Thus endeth the week of Lewis... For those of you who also love Jacks' work, where would you tell people to start?

Friday, November 22, 2013

Books Like Whoa: Letters to Malcolm by C.S. Lewis (Jesus Corner)

Finally, we wrap up the week with my favorite C.S. Lewis book:

Letters to Malcolm: Chiefly on Prayer
by C.S. Lewis

This book was originally published in 1964.

We've reached the zenith of our week and of my feelings about the Lewis oeuvre: today is the 50th anniversary of Jack's death and today's book is my favorite work by him.

Letters to Malcolm isn't one of the "marquee" books that people associate with Lewis. It's small, quiet, and on a topic that is very specifically aimed at religious people (i.e. prayer). It was one of the very last things he wrote before he died, so it didn't have time to build notoriety in his lifetime. And it doesn't have a sexy premise like in The Screwtape Letters or The Great Divorce

Nevertheless, this book is teeming with wisdom, humor, and insight into the human condition. It is Jack at his most pastoral and practical- I think there are few places where his personal warmth and spirit come through more clearly, save his personal letters. For those who pray, it is also a tremendously helpful volume to cultivate and deepen your prayer life, or at least to understand it better.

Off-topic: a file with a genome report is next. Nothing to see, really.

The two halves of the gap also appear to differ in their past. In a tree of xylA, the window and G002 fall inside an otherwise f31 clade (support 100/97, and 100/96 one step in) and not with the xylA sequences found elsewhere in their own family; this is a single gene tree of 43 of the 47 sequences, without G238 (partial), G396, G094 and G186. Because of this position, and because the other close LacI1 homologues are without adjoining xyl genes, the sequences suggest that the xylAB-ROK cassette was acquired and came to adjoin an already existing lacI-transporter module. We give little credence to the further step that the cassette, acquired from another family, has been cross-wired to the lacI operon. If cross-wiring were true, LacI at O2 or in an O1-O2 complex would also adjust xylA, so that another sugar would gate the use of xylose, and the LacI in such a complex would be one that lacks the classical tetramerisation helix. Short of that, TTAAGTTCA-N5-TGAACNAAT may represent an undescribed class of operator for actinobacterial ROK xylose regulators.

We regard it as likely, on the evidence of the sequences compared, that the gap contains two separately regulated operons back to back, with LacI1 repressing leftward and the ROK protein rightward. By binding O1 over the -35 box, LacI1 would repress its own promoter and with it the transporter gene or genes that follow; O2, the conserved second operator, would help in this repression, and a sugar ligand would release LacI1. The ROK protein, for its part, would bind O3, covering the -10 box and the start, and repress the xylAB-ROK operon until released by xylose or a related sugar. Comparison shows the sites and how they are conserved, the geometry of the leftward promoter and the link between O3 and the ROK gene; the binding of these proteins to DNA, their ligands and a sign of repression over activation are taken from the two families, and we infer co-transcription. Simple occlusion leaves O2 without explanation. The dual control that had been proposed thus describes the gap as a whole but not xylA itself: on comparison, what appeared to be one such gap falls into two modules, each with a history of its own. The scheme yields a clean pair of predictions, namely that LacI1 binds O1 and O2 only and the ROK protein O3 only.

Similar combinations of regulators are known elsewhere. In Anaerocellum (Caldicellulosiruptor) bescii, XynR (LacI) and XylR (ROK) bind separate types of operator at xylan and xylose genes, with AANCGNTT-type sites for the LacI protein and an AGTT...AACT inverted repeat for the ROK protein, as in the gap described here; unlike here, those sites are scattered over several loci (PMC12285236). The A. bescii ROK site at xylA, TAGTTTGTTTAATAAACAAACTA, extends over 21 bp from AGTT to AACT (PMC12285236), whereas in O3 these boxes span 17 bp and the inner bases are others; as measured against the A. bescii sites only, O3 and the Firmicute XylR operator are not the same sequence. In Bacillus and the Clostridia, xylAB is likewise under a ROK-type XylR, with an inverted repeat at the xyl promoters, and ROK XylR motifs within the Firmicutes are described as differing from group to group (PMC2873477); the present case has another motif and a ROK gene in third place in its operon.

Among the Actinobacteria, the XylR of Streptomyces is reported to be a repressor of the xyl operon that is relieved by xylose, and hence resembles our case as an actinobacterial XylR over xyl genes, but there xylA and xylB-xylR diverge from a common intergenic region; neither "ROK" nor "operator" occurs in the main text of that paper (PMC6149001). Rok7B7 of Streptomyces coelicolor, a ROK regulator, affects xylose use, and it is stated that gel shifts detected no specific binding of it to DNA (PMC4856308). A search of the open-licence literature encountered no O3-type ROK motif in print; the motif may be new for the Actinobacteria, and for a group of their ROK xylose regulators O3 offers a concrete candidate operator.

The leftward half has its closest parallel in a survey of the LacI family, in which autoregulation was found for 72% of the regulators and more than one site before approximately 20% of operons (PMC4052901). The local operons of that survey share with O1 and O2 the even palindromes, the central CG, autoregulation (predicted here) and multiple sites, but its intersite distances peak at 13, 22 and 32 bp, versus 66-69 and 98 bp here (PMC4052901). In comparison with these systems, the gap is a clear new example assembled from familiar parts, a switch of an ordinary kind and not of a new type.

The excerpt I chose for today has Jack describing the "festoons" that he has placed around the Lord's Prayer - the explanatory framework that he uses to think through each element of the prayer. This passage was when I fell in love with the book on my first read:

"Thy kingdom come. That is, may your reign be realized here, as it is realized there. But I tend to take there on three levels. First, as in the sinless world beyond the horrors of animal and human life; in the behavior of stars and trees and water, in sunrise and wind. May there be here (in my heart) the beginning of a like beauty. Secondly, as in the best human lives I have known: in all the people who really bear the burdens and ring true, and in the quiet, busy, ordered life of really good families and really good religious houses. May that too be 'here.' Finally, of course, in the usual sense: as in Heaven, as among the blessed dead.